Colby Museum to Reopen to Public on June 4

Exhibitions feature the works of Roy Lichtenstein, Mary Cassatt, Bob Thompson

The Colby College Museum of Art will welcome members of the community to once again experience exhibitions and the permanent collection in person when it reopens its doors on June 4 to the general public. The Colby Museum will continue to follow COVID-19 safety guidelines.

Opening in early June, the Colby Museum will offer visitors a chance to see the last weekend of the groundbreaking exhibition, Roy Lichtenstein: History in the Making, 1948-1960 in person before it closes on June 6 and travels to the Parrish Art Museum in New York, then to the Nasher Museum of Art at Duke University. The exhibition has received wide acclaim and has recently been featured in Forbes and The Boston Globe, with the Globe calling the exhibition “a revelation.” 

Co-organized by the Colby Museum and the Nasher Museum of Art, the exhibition is the first major museum show to investigate the early work of one of the most celebrated American artists of the 20th century. The exhibition features loans from museum and private collections, presenting about 90 works from the artist’s fruitful formative years. Many of the paintings, drawings, sculptures, and prints are on public view for the first time. The virtual exhibition also includes a gallery tour and interview with the show’s curators Elizabeth Finch and Marshall Price, and will continue to be available on the Colby Museum’s website for those who cannot visit the galleries in person. Support for this exhibition and its  tour is provided by the Roy Lichtenstein Foundation. Additional catalogue support is provided by the Wyeth Foundation for American Art.

Visitors can also partake in the opening of two important upcoming exhibitions this summer, Inside Out: The Prints of Mary Cassatt and Bob Thompson: This House Is Mine.

Opening June 17, Inside Out: The Prints of Mary Cassatt examines Cassatt’s printmaking from the artist’s own perspective. It focuses on intersections between her prints and her personal concerns with identity and selfhood, family and child care, creativity and making. Visitors will engage closely with an artist who used printmaking to capture and make sense of the people and the spaces nearest and dearest to her. The exhibition will run through Nov. 1.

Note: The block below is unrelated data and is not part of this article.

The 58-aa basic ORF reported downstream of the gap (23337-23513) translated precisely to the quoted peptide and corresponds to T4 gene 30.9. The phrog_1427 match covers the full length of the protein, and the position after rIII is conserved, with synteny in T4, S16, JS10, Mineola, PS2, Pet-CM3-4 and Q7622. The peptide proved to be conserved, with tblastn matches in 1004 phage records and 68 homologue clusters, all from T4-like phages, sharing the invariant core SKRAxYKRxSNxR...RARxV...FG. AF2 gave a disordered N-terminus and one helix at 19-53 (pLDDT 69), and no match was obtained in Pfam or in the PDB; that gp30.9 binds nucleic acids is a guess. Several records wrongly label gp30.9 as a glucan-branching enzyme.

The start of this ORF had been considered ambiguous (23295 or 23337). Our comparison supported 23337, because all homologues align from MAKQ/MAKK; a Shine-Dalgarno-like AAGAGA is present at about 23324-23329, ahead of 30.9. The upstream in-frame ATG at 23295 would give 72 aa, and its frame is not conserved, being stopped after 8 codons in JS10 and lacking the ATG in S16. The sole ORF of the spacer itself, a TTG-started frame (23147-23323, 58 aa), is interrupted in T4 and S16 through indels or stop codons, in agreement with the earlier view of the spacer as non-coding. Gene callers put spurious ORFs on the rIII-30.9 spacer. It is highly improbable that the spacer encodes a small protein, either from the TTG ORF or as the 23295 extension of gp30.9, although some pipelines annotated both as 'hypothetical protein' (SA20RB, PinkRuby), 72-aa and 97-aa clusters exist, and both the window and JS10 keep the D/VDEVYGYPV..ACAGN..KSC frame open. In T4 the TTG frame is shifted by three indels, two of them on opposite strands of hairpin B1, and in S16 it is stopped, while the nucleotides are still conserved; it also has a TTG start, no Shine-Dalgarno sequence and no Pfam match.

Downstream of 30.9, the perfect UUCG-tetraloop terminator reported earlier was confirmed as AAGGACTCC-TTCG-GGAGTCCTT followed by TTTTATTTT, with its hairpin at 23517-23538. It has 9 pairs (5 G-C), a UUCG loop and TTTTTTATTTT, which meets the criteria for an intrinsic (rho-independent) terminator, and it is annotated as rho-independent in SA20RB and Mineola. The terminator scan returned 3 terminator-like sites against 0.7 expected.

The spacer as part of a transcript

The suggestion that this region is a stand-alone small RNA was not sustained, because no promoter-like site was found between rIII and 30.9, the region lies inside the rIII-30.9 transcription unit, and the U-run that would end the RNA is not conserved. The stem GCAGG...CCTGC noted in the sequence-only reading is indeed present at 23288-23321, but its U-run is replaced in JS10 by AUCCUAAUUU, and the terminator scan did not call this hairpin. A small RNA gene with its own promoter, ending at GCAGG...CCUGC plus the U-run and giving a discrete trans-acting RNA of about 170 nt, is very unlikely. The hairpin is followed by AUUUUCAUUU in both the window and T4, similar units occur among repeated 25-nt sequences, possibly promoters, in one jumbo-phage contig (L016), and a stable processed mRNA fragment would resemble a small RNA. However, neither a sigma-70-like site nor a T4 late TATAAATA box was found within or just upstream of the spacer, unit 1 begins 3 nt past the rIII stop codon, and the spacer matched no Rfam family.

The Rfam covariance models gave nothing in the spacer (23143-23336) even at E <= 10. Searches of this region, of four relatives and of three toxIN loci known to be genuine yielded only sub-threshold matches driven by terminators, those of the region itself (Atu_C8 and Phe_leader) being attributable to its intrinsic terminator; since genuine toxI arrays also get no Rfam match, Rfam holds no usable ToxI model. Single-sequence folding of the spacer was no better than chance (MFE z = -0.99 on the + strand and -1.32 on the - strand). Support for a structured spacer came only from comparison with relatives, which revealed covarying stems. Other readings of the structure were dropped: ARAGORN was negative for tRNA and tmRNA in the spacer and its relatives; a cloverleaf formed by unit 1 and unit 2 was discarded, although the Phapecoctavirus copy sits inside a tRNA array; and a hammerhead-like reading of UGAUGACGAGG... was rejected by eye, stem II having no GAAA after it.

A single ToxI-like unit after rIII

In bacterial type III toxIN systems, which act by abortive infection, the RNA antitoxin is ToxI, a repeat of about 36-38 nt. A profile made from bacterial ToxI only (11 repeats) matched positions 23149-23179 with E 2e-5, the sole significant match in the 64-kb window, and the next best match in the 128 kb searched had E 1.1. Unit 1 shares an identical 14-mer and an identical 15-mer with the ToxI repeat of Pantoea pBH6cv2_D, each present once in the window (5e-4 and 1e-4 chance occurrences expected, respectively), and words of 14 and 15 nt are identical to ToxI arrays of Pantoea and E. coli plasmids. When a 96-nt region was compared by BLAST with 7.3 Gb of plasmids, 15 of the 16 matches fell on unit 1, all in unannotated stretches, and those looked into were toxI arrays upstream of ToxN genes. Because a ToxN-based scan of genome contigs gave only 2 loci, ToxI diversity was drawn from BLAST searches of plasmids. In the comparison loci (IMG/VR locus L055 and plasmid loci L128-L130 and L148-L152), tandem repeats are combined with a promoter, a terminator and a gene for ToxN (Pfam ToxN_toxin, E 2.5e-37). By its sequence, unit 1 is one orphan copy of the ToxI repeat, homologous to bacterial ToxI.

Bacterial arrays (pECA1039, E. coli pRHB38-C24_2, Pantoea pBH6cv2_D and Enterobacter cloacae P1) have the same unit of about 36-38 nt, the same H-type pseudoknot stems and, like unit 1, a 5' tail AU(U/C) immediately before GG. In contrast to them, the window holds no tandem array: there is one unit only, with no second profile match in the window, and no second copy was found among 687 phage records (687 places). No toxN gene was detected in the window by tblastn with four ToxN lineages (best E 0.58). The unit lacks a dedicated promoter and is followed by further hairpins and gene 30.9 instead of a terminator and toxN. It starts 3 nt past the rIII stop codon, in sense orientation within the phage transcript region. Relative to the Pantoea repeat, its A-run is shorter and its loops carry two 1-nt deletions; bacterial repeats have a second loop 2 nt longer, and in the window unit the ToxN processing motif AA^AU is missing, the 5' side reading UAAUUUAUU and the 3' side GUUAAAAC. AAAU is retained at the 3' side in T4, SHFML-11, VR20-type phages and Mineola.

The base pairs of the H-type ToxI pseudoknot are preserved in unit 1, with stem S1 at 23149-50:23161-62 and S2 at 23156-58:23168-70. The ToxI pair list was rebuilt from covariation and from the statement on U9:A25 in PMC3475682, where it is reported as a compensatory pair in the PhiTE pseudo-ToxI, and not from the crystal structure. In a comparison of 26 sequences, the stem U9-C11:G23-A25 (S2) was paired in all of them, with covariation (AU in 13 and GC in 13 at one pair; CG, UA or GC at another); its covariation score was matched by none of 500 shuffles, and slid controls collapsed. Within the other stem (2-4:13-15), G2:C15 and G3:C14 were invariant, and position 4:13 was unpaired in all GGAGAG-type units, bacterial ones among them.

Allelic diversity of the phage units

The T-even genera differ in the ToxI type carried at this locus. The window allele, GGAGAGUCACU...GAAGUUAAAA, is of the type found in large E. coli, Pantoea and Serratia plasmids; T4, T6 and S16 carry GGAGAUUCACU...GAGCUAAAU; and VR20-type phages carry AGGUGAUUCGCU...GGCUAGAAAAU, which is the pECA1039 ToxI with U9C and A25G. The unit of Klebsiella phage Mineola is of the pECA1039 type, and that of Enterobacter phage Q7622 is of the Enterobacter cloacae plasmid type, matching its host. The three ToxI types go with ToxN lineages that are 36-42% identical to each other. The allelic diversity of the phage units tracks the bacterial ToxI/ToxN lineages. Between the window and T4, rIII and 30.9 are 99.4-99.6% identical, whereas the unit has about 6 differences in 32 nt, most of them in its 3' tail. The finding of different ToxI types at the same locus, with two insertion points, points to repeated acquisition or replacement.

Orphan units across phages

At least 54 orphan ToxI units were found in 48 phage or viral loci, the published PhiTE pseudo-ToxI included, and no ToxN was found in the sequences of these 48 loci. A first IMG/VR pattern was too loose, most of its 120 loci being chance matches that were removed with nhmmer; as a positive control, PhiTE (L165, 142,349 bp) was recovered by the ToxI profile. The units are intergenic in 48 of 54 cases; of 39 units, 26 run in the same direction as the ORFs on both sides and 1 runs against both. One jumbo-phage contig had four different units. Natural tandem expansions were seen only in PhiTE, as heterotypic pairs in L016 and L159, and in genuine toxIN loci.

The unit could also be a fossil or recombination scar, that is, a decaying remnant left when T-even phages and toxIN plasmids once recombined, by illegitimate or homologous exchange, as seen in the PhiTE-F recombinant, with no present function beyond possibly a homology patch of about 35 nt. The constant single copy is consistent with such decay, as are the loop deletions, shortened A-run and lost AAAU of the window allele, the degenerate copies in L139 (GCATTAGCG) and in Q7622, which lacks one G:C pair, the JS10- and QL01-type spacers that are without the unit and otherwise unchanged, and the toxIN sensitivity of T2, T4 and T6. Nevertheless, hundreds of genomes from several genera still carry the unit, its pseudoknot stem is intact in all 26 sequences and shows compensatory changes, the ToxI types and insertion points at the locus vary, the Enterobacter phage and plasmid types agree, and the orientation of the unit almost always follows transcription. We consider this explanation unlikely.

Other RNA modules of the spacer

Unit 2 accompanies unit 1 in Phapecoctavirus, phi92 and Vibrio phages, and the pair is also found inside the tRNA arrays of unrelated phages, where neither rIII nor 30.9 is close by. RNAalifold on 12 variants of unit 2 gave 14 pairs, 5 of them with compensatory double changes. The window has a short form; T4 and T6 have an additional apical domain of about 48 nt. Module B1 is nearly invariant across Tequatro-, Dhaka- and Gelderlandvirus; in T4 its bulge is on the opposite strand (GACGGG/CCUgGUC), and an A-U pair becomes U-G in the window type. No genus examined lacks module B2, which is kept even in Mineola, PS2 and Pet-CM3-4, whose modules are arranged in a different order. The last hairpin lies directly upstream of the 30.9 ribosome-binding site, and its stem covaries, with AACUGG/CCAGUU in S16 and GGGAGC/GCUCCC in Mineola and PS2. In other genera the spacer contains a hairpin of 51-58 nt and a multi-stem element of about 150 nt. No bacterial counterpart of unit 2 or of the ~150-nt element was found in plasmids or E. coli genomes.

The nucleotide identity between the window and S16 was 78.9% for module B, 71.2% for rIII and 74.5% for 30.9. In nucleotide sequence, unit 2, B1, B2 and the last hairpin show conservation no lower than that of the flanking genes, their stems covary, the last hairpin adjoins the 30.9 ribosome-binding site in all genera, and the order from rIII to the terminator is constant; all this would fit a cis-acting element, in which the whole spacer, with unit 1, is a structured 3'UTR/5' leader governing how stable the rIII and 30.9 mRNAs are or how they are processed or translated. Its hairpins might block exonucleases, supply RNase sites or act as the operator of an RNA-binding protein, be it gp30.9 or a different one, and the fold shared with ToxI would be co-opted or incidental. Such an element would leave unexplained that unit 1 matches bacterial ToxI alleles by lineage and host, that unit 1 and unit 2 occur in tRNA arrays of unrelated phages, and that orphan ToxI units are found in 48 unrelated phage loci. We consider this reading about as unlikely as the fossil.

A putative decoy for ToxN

Bob Thompson: This House Is Mine will run July 20 through January 9. As the first museum exhibition devoted to the artist in more than 20 years, it offers a rich reconsideration of a visionary African American painter. Born in Louisville, Kentucky, Thompson earned critical acclaim in the late 1950s for his paintings of figurative complexity and chromatic intensity. Curated by Diana Tuite, the exhibition traces Thompson’s brief but prolific transatlantic career, examining his formal inventiveness and his engagement with universal themes of collectivity, bearing witness, struggle, and justice. This exhibition will travel to the Smart Museum of Art at the University of Chicago, the High Museum of Art in Atlanta, and the Hammer Museum in Los Angeles.

WATERVILLE, ME – FEBRUARY 14: Images from Colby College Thursday, February 14, 2019. (Photo by Gabe Souza)

More information about one of the nation’s leading college art museums, its extensive collection, as well as upcoming exhibitions, lectures, and programs and events for all ages is available on the Colby Museum website. To support the Museum’s world-class exhibitions, academic engagement opportunities for students across disciplines, and free educational programming for the wider community, support Friends of Art today.